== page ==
July 22, 2024 The Best Source of News, Culture, Lifestyle for Culver City, Mar Vista, Del Rey, Palms and West Los Angeles

Learning to Be Like the Energizer Bunny

I woke up with a cold today. Maybe it was because in the last two weeks, I have been getting an average of 5-6 hours of sleep a night, going out with friends, clients and associates in the evenings, working 12 hours a day, and to top it off, I just managed a grand opening event for a client in their emergency room – disease central!
Time to slow down a bit. I’m not in my 30s anymore. I used to be able to do all that and more, but lately my energy is running noticeably lower, now that I’ve surpassed the big 5-0. But, I am convinced it doesn’t have to be that way. I took some time to research the top things I should do to maintain the highest level of energy possible.
I uncovered valuable information (especially for women over 50) from visiting Web MD and a variety of other sites. Most are common sense, but we just have to program them into our lives:

Don’t Skip Breakfast – Or Any Other Meal
Web MD reports that folks who eat breakfast said they were in a better mood when eating breakfast and had more energy throughout the day. Studies published in the journal of Nutritional Health that found that missing any meal during the day led to an overall greater feeling of fatigue by day’s end. Oh-oh. It’s now 12:18 p.m., and I haven’t had breakfast yet. (Yawn.)

Increase Your Magnesium Intake
Eating a balanced diet can help ensure your vitamin and mineral needs are met. But, according to Web MD, if you still find yourself pooped, you could have a slight magnesium deficiency. (I am quite sure they don’t mean a cup of coffee or two in the morning, a sandwich at 1 p.m. and leftover steak at 7 p.m. is a balanced diet.)
According to what I read, this mineral is needed for more than 300 biochemical reactions in the body, including breaking down glucose into energy. So when levels are even a little low, energy can drop.
The recommended daily intake of magnesium is around 300 milligrams for women and 350 milligrams for men. To make sure you’re getting enough, Web MD suggests:

• Add a handful of almonds, hazelnuts or cashews to your daily diet.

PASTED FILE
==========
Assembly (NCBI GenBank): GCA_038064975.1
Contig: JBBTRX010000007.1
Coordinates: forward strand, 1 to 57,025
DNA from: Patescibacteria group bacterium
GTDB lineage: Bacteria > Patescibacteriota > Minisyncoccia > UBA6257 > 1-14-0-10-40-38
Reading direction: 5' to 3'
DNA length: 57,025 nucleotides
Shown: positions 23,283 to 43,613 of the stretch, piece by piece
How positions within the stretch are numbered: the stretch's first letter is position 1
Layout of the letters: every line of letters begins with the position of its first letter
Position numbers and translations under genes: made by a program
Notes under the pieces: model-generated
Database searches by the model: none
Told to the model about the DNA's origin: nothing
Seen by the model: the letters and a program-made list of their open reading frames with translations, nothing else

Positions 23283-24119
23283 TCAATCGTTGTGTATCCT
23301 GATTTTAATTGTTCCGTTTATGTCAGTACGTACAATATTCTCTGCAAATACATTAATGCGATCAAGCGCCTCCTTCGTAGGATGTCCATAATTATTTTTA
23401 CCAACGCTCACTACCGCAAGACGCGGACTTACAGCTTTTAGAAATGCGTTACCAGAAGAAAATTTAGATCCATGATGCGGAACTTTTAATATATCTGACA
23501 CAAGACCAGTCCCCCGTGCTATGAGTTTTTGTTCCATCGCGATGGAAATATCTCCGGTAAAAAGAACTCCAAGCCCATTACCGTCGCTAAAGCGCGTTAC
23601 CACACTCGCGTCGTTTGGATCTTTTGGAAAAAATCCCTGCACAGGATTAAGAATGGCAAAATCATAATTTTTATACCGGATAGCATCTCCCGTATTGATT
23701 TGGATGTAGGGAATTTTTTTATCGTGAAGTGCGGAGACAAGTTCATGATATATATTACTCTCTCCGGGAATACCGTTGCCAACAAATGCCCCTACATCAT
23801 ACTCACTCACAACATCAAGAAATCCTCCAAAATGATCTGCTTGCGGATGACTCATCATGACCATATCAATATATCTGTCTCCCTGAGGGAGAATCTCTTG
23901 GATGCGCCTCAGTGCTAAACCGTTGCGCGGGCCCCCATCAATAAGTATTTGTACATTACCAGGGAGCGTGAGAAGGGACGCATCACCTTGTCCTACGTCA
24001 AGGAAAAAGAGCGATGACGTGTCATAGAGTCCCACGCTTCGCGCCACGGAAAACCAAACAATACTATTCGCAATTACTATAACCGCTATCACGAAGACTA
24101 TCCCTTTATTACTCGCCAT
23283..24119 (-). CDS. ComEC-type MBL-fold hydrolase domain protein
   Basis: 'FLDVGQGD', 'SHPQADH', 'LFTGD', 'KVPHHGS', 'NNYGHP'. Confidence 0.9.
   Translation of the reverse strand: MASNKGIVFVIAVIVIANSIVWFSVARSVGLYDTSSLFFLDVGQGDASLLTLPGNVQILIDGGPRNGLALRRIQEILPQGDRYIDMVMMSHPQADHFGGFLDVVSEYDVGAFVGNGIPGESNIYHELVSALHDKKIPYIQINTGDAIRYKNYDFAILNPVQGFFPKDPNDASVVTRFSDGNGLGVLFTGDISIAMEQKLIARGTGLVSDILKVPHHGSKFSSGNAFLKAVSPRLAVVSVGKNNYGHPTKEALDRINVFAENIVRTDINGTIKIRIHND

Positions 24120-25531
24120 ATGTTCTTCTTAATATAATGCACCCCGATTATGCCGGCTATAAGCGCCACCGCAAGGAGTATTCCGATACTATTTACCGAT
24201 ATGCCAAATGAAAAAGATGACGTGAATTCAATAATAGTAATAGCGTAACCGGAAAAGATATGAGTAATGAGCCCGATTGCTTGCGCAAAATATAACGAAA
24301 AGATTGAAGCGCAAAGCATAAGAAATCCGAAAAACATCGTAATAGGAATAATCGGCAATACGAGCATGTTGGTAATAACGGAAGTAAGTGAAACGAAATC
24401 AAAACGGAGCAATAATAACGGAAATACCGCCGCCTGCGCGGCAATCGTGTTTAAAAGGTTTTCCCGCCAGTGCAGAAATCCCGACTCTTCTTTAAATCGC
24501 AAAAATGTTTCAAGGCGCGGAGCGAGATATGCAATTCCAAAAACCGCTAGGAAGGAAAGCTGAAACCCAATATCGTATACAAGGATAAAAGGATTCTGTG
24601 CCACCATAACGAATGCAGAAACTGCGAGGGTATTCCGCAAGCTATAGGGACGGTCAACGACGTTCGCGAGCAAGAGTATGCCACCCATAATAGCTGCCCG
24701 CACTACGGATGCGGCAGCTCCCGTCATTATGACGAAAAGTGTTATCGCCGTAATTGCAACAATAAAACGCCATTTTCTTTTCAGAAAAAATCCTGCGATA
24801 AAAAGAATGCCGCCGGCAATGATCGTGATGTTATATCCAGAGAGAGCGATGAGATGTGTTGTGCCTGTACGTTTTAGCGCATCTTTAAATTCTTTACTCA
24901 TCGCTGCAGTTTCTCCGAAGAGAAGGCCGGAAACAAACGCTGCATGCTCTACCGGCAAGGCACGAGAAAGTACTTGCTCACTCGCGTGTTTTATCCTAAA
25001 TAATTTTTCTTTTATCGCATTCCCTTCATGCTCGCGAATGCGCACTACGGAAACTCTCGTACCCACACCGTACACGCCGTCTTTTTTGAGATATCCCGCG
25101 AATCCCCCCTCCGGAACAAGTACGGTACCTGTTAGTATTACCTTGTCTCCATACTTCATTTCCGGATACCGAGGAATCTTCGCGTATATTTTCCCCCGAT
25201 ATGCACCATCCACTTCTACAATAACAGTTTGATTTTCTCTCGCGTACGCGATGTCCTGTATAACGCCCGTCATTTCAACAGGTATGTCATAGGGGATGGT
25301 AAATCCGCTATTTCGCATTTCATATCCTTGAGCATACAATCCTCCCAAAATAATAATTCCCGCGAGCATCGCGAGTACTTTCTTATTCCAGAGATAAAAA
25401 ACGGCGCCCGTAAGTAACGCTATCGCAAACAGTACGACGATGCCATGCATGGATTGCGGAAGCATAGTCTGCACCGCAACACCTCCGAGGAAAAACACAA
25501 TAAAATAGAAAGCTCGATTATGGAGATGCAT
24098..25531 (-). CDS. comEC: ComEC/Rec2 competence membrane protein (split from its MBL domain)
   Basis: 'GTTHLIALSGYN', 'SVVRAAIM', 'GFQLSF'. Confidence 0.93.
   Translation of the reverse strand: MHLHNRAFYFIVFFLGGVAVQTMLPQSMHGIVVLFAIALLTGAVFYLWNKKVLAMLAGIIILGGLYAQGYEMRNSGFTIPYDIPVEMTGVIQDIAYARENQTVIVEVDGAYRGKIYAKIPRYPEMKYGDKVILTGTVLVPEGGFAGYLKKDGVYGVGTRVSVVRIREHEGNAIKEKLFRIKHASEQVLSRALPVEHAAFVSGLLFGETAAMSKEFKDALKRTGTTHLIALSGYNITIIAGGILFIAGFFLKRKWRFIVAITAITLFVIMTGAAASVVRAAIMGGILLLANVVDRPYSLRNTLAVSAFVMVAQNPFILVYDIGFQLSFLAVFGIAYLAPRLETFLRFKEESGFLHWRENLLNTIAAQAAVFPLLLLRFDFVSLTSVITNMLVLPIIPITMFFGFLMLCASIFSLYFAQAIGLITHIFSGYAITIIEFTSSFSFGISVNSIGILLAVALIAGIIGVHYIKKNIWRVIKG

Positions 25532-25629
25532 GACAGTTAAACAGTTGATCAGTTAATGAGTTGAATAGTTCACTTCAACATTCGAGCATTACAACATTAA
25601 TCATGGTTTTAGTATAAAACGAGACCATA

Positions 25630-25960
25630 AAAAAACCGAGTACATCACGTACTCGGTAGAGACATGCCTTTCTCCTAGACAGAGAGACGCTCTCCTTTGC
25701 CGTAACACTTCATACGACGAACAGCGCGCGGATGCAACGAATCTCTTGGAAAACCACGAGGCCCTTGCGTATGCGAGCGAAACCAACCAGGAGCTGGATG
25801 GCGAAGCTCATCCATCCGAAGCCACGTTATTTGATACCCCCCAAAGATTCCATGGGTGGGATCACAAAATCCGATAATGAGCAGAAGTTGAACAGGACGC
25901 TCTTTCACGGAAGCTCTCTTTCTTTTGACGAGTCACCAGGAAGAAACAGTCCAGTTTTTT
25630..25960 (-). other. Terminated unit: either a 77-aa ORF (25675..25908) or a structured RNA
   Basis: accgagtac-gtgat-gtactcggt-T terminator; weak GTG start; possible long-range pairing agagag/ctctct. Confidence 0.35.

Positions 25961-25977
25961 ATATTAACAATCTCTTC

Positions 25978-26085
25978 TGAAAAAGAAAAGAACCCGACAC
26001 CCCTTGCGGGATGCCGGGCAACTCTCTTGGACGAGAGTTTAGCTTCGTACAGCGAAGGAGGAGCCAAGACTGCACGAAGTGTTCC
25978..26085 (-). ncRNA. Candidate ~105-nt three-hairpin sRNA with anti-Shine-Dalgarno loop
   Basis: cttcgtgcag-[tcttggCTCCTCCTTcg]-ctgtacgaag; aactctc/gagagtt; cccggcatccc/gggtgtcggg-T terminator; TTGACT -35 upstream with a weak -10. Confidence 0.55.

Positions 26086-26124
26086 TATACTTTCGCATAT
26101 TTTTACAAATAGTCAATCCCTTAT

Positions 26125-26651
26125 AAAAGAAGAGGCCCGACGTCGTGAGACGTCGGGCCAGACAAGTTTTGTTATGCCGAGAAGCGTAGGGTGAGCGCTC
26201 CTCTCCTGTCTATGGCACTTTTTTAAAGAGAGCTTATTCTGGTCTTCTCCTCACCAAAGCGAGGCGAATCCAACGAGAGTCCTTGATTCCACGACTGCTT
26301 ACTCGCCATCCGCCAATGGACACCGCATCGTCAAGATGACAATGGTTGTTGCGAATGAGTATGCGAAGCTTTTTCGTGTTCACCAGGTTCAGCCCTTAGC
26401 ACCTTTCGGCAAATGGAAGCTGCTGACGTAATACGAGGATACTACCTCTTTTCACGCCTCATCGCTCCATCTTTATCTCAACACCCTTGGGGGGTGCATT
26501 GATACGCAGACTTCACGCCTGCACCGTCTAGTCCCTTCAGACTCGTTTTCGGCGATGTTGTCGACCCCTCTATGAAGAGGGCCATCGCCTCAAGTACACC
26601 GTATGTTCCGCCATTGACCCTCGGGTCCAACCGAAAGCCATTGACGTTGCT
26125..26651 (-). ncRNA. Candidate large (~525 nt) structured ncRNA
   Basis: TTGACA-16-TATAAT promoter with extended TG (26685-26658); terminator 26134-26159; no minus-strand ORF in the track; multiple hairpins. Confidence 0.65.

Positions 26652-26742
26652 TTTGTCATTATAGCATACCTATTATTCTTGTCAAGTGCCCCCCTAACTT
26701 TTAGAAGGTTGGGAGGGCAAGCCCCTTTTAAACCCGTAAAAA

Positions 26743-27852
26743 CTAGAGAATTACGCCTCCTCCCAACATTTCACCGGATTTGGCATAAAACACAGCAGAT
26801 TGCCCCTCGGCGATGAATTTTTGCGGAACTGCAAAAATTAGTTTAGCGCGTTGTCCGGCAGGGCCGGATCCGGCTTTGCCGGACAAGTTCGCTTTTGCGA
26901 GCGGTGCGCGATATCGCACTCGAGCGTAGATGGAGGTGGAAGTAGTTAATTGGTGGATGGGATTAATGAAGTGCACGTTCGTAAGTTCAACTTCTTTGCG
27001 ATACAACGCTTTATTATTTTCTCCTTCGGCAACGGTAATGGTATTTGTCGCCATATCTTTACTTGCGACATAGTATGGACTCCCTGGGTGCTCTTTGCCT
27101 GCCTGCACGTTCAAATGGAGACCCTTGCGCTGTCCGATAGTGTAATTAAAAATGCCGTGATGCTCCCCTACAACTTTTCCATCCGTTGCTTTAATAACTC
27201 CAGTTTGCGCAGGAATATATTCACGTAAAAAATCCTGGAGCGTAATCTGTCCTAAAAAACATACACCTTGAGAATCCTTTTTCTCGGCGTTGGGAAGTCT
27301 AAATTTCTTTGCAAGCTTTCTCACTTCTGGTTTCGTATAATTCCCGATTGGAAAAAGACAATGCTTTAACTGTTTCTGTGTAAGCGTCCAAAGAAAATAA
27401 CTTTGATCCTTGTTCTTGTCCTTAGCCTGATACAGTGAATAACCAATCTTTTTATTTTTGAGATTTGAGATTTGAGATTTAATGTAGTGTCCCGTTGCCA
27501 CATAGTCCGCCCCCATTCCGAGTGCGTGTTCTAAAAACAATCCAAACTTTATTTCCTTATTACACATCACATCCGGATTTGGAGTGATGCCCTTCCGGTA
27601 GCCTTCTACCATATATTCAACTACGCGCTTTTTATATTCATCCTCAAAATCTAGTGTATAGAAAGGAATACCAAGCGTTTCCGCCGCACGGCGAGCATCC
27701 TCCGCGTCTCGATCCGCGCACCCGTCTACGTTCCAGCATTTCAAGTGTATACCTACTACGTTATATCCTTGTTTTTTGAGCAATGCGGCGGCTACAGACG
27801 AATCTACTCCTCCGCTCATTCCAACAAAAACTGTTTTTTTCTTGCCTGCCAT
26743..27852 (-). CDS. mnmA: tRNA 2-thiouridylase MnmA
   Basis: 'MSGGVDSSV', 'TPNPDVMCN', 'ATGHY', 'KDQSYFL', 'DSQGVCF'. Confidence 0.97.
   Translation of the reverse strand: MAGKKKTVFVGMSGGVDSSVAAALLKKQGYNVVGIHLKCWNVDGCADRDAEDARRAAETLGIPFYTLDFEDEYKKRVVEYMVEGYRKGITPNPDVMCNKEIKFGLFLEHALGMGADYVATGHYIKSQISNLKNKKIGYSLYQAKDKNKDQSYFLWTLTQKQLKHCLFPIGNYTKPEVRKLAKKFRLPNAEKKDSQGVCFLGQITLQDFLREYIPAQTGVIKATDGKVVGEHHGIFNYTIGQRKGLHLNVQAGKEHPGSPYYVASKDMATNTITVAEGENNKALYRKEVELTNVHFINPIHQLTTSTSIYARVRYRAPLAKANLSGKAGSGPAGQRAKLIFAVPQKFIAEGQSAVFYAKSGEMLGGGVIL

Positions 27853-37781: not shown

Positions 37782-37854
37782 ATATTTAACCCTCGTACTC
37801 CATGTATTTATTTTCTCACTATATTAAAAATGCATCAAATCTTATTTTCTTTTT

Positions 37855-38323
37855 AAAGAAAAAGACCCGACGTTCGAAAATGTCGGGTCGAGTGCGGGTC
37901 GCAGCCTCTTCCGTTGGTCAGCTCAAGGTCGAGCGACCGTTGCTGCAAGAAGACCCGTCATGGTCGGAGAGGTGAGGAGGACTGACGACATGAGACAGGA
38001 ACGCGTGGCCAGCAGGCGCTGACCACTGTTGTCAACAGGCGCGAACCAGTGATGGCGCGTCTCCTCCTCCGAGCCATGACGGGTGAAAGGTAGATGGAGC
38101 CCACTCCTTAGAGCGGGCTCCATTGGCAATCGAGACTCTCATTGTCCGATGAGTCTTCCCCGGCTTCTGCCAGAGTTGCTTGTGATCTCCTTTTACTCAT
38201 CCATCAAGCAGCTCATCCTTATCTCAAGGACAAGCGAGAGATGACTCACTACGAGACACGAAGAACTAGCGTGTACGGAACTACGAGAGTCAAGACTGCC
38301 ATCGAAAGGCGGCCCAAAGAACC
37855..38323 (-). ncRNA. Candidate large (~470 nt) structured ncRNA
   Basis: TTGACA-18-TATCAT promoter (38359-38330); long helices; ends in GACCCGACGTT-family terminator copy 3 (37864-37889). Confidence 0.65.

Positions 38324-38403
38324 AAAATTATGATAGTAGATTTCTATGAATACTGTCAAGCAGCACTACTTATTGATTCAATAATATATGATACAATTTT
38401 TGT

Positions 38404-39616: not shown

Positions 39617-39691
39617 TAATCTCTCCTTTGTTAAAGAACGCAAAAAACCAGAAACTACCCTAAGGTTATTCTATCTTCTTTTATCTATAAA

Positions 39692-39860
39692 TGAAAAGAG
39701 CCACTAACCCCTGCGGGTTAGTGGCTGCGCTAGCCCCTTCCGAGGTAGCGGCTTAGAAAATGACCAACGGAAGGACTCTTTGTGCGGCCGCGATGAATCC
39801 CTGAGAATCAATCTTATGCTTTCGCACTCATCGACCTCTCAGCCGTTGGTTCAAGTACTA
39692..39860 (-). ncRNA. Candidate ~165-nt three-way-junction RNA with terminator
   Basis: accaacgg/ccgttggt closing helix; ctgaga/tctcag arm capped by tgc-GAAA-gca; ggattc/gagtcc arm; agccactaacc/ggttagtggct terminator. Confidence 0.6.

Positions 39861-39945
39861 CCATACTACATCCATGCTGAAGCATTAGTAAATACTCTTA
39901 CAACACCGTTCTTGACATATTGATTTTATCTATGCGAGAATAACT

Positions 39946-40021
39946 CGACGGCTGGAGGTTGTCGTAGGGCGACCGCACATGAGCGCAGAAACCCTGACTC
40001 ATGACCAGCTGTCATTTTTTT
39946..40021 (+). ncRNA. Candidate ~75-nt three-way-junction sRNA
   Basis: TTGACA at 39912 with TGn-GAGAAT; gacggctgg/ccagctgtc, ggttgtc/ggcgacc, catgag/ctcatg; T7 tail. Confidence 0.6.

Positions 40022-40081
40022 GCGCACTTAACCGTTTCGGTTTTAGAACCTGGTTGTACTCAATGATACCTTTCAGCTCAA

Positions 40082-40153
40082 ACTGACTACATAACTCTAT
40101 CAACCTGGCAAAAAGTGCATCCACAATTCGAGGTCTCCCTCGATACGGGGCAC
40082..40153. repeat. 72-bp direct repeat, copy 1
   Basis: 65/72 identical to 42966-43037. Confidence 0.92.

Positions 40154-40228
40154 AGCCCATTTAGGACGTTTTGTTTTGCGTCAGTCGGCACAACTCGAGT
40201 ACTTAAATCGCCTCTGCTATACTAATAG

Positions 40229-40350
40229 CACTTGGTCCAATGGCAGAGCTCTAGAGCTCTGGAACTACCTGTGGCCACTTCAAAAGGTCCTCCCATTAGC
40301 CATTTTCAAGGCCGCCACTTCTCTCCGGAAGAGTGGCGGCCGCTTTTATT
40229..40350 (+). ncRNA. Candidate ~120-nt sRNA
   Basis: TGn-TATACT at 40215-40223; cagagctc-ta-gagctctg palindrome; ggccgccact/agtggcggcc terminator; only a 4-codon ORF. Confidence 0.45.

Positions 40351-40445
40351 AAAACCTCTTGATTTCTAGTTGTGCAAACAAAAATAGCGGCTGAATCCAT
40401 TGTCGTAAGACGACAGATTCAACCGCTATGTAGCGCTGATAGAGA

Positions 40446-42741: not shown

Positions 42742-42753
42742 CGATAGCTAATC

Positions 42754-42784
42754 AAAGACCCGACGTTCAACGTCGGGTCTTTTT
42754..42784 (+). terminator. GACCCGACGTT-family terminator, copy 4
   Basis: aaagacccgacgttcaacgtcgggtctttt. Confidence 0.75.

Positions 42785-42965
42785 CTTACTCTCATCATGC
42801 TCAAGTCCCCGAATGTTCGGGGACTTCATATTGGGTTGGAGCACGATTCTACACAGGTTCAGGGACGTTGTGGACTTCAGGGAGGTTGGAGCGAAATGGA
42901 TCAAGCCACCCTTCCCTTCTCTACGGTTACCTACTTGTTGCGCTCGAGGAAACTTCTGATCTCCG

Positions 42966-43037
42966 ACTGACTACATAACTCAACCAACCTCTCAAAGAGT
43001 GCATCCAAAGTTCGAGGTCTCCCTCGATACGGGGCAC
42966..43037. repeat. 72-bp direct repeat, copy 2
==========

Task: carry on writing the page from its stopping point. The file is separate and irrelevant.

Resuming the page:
• Increase your intake of whole grains, particularly bran cereal.
• Eat more fish, especially halibut.
Drink More Water and Less Alcohol
I already know that it’s easy to confuse signals of hunger with thirst (we think we need food when we really need water). But did you know that being thirsty can lead to feeling tired?
Web MD reports that sometimes even slight dehydration can leave you feeling tired and lethargic. The solution is simple: Drink a tall, cool glass of water. This is particularly important to boost energy after exercise, when your body is likely to be craving fluids. (Note to self: A tall, cool glass of vodka and soda with a twist is not as good for you as straight water.) Bummer.

Walk Around the Block
While it may seem as if moving your body when you feel exhausted is the quickest route to feeling more exhausted, the opposite is true. Experts say that increasing physical activity, particularly walking, increases energy. But did I listen to them? No. Until I got a dog. Now I have to walk at least ? hour, 2 times as day. I’d say I got this one “licked”!

Get Enough Sleep
That’s what started the whole low energy thing with me! But really, how much is enough? According to the National Institutes of Health the average adult sleeps less than seven hours per night. In today’s fast-paced society, six or seven hours of sleep may sound pretty good. In reality, it’s a recipe of chronic sleep deprivation. Most adults need between 7-1/2 and 9 hours of sleep to function at their best. And naps can help make up the deficit. Which is exactly what I am going to do. Now.

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